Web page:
James White was born in 1977 and calls Dartmouth, Nova Scotia, Canada his home. His parents were never able to keep typewriter paper in the house as James would steal it for drawings as early as the age of 4. Upon graduation of highschool he attended a Graphic Design course in his hometown where he was introduced to Photoshop and Illustrator, tools he still uses today. James never stopped creating and working on his own projects that took up his evenings and weekends which resulted in the creation of the Signalnoise Studio.
Today, James is focusing on various neon-infused art projects, creating some pieces to compliment his childhood in the 1980s. He also spends a lot of time on the road speaking at various design conventions and events around the world.
Paris based artist Victor Moatti‘s work focuses on simple shapes, complex assembly and dreamy colors.Through his many pieces, a certain palette of color emerges and characterizes his work.The bluish and violet hues are a constant along with playful shadows and cosmic landscapes.
A very 80s and retro futuristic aesthetic is visually a result from his work and the techniques used and the elements present place it out of time and out of any terrestrial place known to man for that matter.
Eric White presents photorealistic scenes with a surreal visual twist in his cinematic paintings. For source materials, White turns to 1940s-era Hollywood films and film noir; he also claims inspiration from David Lynch’s darkly humorous TV series Twin Peaks. Compressing a sequence of events into a single moment, White creates claustrophobic scenes populated by glamorous figures locked in ambiguous psychological drama.
Croatian designer Zoran Lucić was approached to design a series of posters for the Lucha Libre CMLL, Mexico’s major professional wrestling federation. Zoran’s retro-licious work is reminiscent of old-school posters from the 60’s and 70’s.
Zoran Lucić was born in Šabac, Serbia (former Yugoslavia) and grew up in Domaljevac, Bosnia & Herzegovina and for some time in Hungary. Zoran Lucic studied graphism and design at the Bijeljina B&H University and, although his first love was sculpting, he later discovered an affinity for typography. He now lives in Bijeljina and works as a freelance graphic designer.
Yoko Honda‘s use of vibrant neon colors and the swirly, zig-zagged and geometrical designs that defined the decade completely bring you into the 80s. Through a combination of digital painting and print, she constructs scenes of resplendent kitsch, made up of palm trees, motels, neon signs and swimming pools, all inter-dispersed with structured lines, tiles or interior architecture.
An illustrator and creative design artist, Ray Oranges combines retro color palettes with abstract geometric shapes. The absence of cluttering matter, enhanced by the mastery use of long shadows and bursts of light creates an emotional response in the viewer.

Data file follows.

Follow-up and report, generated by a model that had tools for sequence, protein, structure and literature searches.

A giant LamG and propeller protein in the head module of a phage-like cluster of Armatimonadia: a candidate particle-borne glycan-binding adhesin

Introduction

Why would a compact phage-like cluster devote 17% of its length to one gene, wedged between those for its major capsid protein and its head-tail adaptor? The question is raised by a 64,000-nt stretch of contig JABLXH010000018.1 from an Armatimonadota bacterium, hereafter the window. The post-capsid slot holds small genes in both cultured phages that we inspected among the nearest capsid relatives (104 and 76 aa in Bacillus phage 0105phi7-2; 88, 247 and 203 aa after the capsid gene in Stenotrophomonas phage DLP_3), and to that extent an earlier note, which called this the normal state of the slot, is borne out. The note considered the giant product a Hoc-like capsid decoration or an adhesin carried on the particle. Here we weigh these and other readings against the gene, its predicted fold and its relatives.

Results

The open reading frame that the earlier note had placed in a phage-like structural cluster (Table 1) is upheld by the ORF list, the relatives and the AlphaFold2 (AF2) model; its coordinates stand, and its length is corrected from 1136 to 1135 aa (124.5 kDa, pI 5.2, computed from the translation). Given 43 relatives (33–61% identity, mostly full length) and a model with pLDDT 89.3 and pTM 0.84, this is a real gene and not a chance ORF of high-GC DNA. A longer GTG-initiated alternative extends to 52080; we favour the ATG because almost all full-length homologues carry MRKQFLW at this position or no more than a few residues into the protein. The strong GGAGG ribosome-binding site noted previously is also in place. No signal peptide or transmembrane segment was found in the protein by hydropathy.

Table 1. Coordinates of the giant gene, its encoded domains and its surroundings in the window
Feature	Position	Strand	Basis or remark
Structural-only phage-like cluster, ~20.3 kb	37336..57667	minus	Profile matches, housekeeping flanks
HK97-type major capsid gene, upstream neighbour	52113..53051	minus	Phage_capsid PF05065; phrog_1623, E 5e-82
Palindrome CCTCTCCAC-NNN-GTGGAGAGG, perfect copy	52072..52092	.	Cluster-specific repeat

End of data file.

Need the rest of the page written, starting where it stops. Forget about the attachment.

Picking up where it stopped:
The skilful use of full and empty spaces within the composition, with a predominance of the latter, is open territory for the viewer to fill the space with feelings and experiences; Ray aims at creating a meaningful dialogue with the viewer rather than establishing a relationship of command.
Sébastien Plassard is a talented editorial illustrator who knows how to turn simple images into powerful ideas by adding a little surreal touch. His style is characterized by a reduced use of contrasting and complementary colors as well as dreamlike scenarios, which quickly draw the viewer into a surreal world. He skillfully combines influences from the golden age of the 1920s with contemporary graphic trends. His distinctive work could be seen in a wide range of publications such as magazines, books, posters, etc.
Ryan Heshka was born in Manitoba, Canada, and grew up in Winnipeg. Fueled by long prairie winters, he spent a lot of his childhood drawing, building cardboard cities and making super 8 films. Early influences that persist to this day include antiquated comics and pulp magazines, natural history, graphic design and music, movies and animation. Formally trained in interior design, he is self-taught as an artist.
The artist blends his childhood memories with the image of a postcard Canada, a snowy land of evergreen forests and frozen lakes, the habitat of deer, beavers and legendary creatures like the Sasquatch, or Bigfoot merged with clichés and stereotypes, attempting to construct an original image of his nation, balanced between reality and fiction, past and future.
NASA’s Jet Propulsion Laboratory has commissioned a series of posters celebrating the future of space travel with retro-inspired designs. Evoking a golden age of exploration, the Visions of the Future campaign imagines a time when one might travel to Jupiter for weather balloon rides the same way we seek out Hawaiian vacations for their sunsets, and encourages us to think not only about the kind of future we want but how we might get there.
ACL mentioned what we have thought since we first tried on a Batten jacket at Steven Alan earlier this season: Batten Sportswear is an Engineered Garments to the surf/ retro-outdoor world. ACL got a glimpse of the new Fall/Winter 2012 line that Batten will be releasing, and those fleeces, the pocket-crewneck sweatshirt, and these parkas are near the ideal of what we like to wear all day everyday. We live in SF, the comfort-wear capital of the world (we stole that line from Parra when he was here a few weeks back).